Europe is beefing up its rules to keep terrorists from making homemade bombs with domestic products.
The pressure to tighten restrictions is growing thanks to the return of hundreds of fighters from the battlefields of Iraq and Syria, and fears they may use their bomb-making skills in Europe.
The European Commission, along with the Parliament and Council, agreed to toughen up a 2013 regulation by ending national schemes that allowed people to buy chemicals that could be used to make bombs simply by showing an ID card. The final text was approved by EU ambassadors last week, and it still has to be signed off by the Parliament’s plenary.
The rules, which should go into effect around the end of 2020, will now require businesses to report “suspicious” sales of some substances within 24 hours — and the change expands them to include online sales platforms like Amazon and eBay.
New substances can be added to the list of banned substances in an effort to keep up with terrorists’ innovations.
“You’re never going to be able to 100 percent prevent access,” said Hans-Jakob Schindler, senior director at the Counter Extremism Project, an NGO. “It’s about increasing the hurdles for terrorists to get to the stuff.”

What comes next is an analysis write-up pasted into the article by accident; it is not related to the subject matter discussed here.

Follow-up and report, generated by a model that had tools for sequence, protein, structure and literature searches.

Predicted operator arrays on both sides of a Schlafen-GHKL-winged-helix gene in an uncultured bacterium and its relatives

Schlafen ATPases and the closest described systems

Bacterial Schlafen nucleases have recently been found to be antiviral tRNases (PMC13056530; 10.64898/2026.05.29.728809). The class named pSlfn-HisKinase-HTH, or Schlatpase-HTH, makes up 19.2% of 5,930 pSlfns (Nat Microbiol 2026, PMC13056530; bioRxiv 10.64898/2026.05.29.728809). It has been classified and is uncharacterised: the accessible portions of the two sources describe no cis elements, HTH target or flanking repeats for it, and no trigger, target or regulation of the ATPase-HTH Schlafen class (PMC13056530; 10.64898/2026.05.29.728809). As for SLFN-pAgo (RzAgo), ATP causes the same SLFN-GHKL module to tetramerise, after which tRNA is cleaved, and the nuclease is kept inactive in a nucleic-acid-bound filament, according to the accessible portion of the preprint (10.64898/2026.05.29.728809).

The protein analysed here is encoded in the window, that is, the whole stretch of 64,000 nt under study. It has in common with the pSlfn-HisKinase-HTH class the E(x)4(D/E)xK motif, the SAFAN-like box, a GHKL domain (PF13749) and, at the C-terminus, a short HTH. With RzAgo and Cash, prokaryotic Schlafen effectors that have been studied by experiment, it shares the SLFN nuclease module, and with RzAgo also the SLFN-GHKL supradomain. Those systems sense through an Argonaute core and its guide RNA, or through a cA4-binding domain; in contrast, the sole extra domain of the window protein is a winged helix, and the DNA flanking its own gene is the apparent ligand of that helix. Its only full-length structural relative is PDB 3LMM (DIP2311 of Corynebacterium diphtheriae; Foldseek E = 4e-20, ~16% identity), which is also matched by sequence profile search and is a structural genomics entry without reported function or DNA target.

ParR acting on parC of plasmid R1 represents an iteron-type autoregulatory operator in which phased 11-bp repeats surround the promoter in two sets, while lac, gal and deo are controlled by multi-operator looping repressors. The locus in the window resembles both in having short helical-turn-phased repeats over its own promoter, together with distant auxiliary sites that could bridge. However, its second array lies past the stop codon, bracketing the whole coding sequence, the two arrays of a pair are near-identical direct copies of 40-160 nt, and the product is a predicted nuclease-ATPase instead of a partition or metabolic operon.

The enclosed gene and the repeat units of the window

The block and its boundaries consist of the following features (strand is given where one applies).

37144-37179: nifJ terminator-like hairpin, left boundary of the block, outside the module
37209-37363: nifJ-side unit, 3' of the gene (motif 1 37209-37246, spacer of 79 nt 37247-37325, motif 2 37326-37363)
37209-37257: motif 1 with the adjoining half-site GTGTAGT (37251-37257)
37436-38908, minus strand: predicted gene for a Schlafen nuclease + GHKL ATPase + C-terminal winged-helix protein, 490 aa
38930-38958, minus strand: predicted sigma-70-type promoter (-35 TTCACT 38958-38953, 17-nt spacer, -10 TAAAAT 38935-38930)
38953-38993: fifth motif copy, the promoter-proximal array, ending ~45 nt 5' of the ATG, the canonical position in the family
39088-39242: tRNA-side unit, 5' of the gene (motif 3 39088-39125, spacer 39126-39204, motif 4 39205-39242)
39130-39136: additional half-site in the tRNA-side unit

The changes came because the EU recognized that existing rules are too porous. A 2017 European Commission appraisal found that its current regulation “does not guarantee a sufficient level of protection of the safety of the general public.”
Homemade explosives were used in the “vast majority of terrorist attacks in the EU,” the appraisal found, including Madrid in 2004, London in 2005, Paris in 2015, Brussels in 2016, and Manchester in 2017.
Striking a balance
Regulating these chemicals is about striking a balance between security and legitimate access.
Most of the substances listed in the EU’s regulation as so-called “explosive precursors” also have legitimate industrial uses. Ammonium nitrate, which can easily be turned into an explosive, is also an important ingredient in many fertilizers, for example.